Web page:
Another reason for the insecurity of many young parents is the high social demands on family education (Struck 1992). Parents are expected to optimally support their child's development, develop their talents and compensate for their deficiencies. Most parents have internalized these high expectations and only want the best for their child. However, they do not know how to achieve their goals. They are confronted with a multitude of different parenting theories and recipes through magazines, newspapers and parenting guides, on radio and television as well as in family education courses, and receive various pieces of advice in their network. In many cases, due to the pluralism of values that is typical of our society, they are not even sure of their educational goals. In addition, they often do not want to orientate themselves on their own upbringing. Today, a good half of all adults have broken with their parents' tradition of upbringing (Jugendwerk der Deutsche Shell 1985).
To make matters worse, parents are now more aware of the problem and are therefore more critical of their own efforts to raise their children than they used to be. They have lost the unbroken trust in their role, doubt their competence, feel dequalified by experts such as educators, teachers and psychologists (Duché 1987). In addition, they repeatedly find that they have to raise their children for two worlds: In the family world, the focus is on trust, openness, consideration, solidarity, etc., in the outside world it is competitive thinking, pressure to perform, consumerism, etc. (Mayntz 1955 ). Since a positive upbringing environment is increasingly lacking, parents are thrown back on themselves.
Parents' educational goals have changed over the past few decades. Instead of obedience, diligence, politeness, a love of order, etc., independence, maturity, a sense of responsibility, tolerance, maturity and self-actualization are emphasized today. The latter goals are mainly represented by adults with a higher education (Wilk / Beham 1990). The child is also increasingly recognized as an independent individual whose life of its own, uniqueness and autonomy must be tolerated and accepted. It is not the educator who should be active, but the child. Even small children are given so much freedom that they are often overwhelmed (Braun 1992).
Correspondingly, the parenting style of parents has become more cooperative, sometimes even anti-authoritarian (Jugendwerk der Deutsche Shell 1985). A camaraderie prevails in many families. Parents are increasingly willing to talk to children about anything and to justify their educational behavior. Family upbringing has also become less gender-specific; Gender-atypical behavior in young children is increasingly tolerated by parents (Hagemann-White 1984).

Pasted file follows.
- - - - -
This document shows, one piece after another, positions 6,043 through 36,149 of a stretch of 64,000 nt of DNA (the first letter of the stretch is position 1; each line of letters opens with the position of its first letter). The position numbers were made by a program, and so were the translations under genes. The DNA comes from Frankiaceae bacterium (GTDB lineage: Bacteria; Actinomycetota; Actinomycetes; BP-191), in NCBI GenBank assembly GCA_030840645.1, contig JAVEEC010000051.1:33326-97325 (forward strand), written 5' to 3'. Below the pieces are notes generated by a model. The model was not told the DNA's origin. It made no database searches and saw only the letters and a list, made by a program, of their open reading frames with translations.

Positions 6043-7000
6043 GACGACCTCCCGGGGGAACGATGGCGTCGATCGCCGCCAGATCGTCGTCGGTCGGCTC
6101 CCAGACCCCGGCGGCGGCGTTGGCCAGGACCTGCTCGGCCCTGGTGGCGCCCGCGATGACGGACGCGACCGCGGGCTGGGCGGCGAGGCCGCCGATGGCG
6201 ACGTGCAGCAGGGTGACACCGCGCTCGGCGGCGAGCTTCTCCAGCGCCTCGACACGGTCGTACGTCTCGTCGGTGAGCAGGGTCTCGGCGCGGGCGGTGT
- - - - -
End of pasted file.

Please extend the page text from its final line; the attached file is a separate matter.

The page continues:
Sometimes parents are also delusional about pedagogical feasibility: they want a perfect child. This is constantly under pressure; its limits are not seen. In order to achieve their educational goals, parents often use psychological techniques developed for problem children. You want the child to do what the parents want and believe that they want to do so (behavior therapy). Or they are constantly looking for the motives behind the child's behavior and striving to influence them (psychoanalysis). Some parents also try to influence the behavior of their children by adding and withdrawing love because they reject corporal punishment. In doing so, however, the toddler experiences that he is not loved for himself, but only for his actions. The same applies in the event that positive behavior is rewarded with sweets or gifts (Struck 1992).
The role of grandparents
Due to the increased life expectancy, more and more small children experience their grandparents and often their great-grandparents as well. Through them you discover the continuity of the family, find security and emotional support with them. The latter is particularly important if the children's family of origin breaks up or if they live in part of a family. If the grandparents live in the neighborhood, they are often involved in educational work due to the continuous contact with the children. This is all the more true if they take on the care of a small child because the mother is employed (Tietze / Roßbach 1991). However, due to the increased number of women in employment, many grandmothers are still working themselves and are therefore unable to take care of them (Bundesregierung 1986).